(Ponders) Quite a lot, really. Is it stubbornness? A thick skin? stupidity? I know I am going to do what I think I should be doing. I’m a musician. If you’re a car mechanic and you don’t fix cars or a fisherman that don’t fish, then you’re full of **** ..a musician writes songs and performs them in most cases. So, you have to keep going, keep creating. And as long as the phone rings and you get invitations to do this and that, heading to weird and wacky places then as long as they grease your palm with silver reasonably’s worthwhile doing. I wouldn’t do it for nothing, not all of the time. There are exceptions, say a cause you believe in.

There’s quite a nice Gibson in your current promo shots. Is it yours?

Yeah. I’ve brought it with me.

The black acoustic. It’s got a Johnny Cash look

That’s what I was trying to find. Do you know what? I had a guitar stolen, out of my car. Had a new car and hadn’t quite figured out the buttons. Anyway someone had my really nice Guild out of it. Which was my spare guitar, my backup. I usually use a J45. So then I needed a spare and I wanted to get – what is it? – a SG200, the jumbo one. Couldn’t find one in all Europe. So I bought a Dreadnought. A Hummingbird. I went to the States and I’m in this guitar store, just like three days after I’ve bought one. They had a black SG200…..hmm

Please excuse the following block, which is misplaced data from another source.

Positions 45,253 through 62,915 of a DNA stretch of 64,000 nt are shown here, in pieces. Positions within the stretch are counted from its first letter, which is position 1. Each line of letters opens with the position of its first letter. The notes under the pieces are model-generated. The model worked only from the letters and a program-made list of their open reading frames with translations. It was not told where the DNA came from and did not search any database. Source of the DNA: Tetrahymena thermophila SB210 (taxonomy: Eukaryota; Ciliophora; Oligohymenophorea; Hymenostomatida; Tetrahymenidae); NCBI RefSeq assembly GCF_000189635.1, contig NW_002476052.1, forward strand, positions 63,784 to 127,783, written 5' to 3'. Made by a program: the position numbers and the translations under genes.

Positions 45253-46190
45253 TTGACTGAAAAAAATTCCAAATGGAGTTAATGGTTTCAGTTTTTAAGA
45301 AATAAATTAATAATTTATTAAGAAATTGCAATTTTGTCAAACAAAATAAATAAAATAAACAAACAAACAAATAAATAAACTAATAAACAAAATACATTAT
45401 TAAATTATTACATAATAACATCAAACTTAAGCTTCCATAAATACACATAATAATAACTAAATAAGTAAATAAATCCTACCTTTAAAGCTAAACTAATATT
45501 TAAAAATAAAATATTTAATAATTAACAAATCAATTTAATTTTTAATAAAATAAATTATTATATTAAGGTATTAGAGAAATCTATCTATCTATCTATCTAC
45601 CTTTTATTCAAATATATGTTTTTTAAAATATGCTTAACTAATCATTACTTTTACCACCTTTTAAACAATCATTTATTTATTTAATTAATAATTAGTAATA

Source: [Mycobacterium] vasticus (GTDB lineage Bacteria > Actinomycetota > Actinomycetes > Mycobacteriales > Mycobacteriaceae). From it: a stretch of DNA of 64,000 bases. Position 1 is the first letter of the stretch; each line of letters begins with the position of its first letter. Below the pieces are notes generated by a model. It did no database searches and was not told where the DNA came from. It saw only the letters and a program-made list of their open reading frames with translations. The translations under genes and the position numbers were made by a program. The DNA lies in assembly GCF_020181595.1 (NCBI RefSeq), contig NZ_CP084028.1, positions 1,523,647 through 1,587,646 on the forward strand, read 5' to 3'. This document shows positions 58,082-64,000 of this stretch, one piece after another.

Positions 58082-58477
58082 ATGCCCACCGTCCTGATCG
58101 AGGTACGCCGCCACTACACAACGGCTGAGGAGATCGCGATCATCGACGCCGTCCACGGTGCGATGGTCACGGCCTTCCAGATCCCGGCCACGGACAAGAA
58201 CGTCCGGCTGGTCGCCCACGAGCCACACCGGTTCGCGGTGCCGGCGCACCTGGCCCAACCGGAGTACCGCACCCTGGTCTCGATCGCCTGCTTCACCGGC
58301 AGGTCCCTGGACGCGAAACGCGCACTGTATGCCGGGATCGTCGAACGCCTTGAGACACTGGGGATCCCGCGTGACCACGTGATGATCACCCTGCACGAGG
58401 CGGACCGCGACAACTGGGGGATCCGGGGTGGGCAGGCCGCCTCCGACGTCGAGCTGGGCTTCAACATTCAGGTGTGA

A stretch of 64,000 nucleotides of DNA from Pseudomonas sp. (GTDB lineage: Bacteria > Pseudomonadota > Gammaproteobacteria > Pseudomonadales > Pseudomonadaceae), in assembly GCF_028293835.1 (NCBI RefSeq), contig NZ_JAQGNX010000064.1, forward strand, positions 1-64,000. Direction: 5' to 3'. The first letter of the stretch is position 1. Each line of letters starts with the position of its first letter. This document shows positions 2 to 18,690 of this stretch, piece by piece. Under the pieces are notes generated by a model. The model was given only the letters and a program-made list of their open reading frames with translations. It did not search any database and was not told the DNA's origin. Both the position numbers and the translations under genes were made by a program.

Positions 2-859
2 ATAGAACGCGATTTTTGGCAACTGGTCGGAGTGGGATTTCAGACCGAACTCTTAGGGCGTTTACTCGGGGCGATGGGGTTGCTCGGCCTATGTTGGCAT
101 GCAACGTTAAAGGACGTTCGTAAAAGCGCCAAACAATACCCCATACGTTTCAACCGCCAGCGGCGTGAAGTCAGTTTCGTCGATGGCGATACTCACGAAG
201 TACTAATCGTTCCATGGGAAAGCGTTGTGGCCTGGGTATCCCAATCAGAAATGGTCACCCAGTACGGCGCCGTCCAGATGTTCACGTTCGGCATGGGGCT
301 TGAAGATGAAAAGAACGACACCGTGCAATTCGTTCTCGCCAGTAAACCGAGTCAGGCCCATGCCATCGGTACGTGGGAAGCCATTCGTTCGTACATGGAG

Was Johnny Cash an influence on you?

A bit. I respected him, put it that way. What I’m doing on this album I wanted a band that can go with the fact that I play a lot of acoustic these. About three years ago, I went to see Dylan at The Royal Albert Hall. I’m not a big Dylan fan, I can appreciate him, he’s written some great songs. He didn’t even play guitar.

No he sits at the piano

But the band he had were fantastic. Charlie Sexton, a double-bass player..

Sexton lurks around the song like a shark and at the right moment he will let similar to Earl Slick!

(Laughs) A lot of English players, you’ll say put some lead in the second verse.and they’ll play nothing then play all over your singing! Earl automatically plays out in the right place. He listens to what’s going on

Did you see him with The Dolls? Under Waterloo, in the Tunnels?